Increase retirement income with smart tax moves

Stock chart, grey translucent calculator and blue pen. iStockphoto Marlee90

(MoneyWatch) While you're collecting your tax and investment records for your tax return this year, it's a good idea to review your asset allocation and location strategies with respect to tax-advantaged accounts, including IRAs, 401(k)s, and after-tax investment accounts. You can decrease the taxes you pay on your investment returns with two strategic moves that can increase the amount of retirement income you can keep after paying federal and state income taxes. Here I'll describe the first move; stay tuned for my post tomorrow that describes the second move.

Shift from actively managed to index funds

If you invest in after-tax mutual funds, you've most likely got a good pile of Forms 1099-DIV. This form reports your total taxable dividends in box 1a, qualified dividends in box 1b and taxable capital gain distributions in box 2a. You might be confused by this last amount: If you didn't sell your mutual fund during 2011, why are you getting taxable capital gain distributions? The answer? Your mutual fund company sold securities during the past year at a gain, and the mutual fund is required to attribute a portion of these gains to your account.

This can happen if your fund actively trades securities in an attempt to beat their benchmark returns -- usually a futile task, as CBS MoneyWatch bloggers Allan Roth and Larry Swedroe have both reminded us. You might also get hit with capital gains distributions if your fund received a lot of redemption requests and needed to sell securities to raise cash.

Do you have substantial amounts of these reported realized capital gains from mutual funds that you held during the year? If so, not only are you getting hit with additional taxable income, to add insult to injury it's also likely that your fund is underperforming and you're getting dinged for investment management expenses that are far higher than those of index funds. If this is the case, it may be time to switch to low-cost index funds that don't generate much, if any, capital gains due to securities trading. Over the long run, these are likely to deliver higher net returns after taxes and investment management fees have been considered.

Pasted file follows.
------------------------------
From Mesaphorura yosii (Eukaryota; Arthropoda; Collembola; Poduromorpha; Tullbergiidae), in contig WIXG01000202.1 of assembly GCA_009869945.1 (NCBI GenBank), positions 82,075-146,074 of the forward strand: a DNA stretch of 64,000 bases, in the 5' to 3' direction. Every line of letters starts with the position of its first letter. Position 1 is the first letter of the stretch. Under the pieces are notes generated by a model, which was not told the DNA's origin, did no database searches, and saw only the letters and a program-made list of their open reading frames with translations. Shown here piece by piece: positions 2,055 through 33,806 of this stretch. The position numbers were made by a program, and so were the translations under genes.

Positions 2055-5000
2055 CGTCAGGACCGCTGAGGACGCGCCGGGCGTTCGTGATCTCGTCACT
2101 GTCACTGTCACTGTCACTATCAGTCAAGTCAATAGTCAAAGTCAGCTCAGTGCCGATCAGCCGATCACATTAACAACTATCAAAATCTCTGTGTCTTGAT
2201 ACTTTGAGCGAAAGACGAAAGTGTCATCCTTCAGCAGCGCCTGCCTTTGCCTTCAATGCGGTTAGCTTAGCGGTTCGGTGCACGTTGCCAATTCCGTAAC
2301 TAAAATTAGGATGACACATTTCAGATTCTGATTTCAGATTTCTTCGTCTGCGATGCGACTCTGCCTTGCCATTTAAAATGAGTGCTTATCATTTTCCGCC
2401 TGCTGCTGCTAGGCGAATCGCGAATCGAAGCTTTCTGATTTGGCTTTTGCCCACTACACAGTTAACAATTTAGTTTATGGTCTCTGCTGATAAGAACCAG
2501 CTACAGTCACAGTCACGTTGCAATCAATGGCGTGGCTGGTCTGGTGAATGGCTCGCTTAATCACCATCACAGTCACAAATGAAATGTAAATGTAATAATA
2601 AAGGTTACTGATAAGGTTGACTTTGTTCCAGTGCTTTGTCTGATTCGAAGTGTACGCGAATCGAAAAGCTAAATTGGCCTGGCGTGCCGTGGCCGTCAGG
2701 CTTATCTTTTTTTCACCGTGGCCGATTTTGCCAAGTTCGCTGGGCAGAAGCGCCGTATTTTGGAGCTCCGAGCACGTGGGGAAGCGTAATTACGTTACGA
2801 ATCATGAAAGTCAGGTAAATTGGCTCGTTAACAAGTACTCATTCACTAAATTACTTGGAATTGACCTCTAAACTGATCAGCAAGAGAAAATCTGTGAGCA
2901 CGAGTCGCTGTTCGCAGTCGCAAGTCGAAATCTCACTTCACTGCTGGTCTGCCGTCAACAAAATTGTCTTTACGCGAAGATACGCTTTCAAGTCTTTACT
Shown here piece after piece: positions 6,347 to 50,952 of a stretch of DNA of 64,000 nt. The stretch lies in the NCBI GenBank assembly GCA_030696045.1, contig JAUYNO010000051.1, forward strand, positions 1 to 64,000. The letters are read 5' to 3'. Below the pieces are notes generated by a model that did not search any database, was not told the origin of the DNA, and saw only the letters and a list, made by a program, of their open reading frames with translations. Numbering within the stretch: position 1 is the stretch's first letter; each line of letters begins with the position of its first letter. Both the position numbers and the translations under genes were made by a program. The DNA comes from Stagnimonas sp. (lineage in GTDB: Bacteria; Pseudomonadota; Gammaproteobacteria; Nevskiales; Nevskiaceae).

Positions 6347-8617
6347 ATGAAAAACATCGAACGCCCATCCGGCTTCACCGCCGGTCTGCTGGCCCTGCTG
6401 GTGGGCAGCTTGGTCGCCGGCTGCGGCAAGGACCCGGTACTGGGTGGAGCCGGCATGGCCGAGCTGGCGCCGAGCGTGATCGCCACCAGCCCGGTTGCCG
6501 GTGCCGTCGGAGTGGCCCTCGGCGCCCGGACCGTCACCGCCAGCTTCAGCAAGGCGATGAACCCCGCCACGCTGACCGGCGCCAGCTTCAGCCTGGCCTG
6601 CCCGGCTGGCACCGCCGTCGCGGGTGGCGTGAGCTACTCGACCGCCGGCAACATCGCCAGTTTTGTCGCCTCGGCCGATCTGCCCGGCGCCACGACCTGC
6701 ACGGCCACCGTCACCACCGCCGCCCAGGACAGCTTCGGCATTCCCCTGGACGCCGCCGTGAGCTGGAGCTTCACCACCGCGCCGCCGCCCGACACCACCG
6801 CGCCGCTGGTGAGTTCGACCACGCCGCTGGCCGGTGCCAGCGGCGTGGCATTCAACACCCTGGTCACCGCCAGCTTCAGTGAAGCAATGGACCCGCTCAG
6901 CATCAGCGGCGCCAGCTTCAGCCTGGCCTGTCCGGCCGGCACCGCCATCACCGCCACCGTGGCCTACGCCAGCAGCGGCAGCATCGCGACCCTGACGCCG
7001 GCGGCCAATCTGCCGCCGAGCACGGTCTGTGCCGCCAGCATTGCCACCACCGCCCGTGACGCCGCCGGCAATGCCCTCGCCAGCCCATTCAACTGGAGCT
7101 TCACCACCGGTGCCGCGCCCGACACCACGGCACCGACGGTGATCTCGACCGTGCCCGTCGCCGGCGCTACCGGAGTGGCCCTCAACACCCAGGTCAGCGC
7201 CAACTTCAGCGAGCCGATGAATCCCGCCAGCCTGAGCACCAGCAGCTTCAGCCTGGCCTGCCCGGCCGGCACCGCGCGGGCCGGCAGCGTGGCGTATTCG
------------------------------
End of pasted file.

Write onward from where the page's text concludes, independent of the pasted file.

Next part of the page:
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By the way, if you decide to sell your mutual fund, the IRS will receive a report of this transaction on Form 1099-B. You may realize a taxable capital gain on the sale of your fund; this will happen whether you sell an actively managed fund or an index fund. Before you switch from an actively managed to a passive fund, you should check to see if you have any unrealized gains that will be converted to realized, taxable gains if you sell your fund. You should be able to see your unrealized gains if you have online access to your mutual fund accounts.

If this potential taxable gain is too high, the extra taxes you could pay might negate the potential gains from this maneuver. In this case, you might want to wait for a drop in the market, which is probably inevitable given the usual volatility. Sell on the dip to minimize your realized capital gains.

Stay tuned tomorrow for another tax move that can increase your retirement income.

Photo courtesy of iStockphoto contributor Marlee90.

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    Steve Vernon helped large employers design and manage their retirement programs for more than 35 years as a consulting actuary. Now he's a research scholar for the Stanford Center on Longevity, where he helps collect, direct and disseminate research that will improve the financial security of seniors. He's also president of Rest-of-Life Communications, delivers retirement planning workshops and authored Money for Life: Turn Your IRA and 401(k) Into a Lifetime Retirement Paycheck and Recession-Proof Your Retirement Years.

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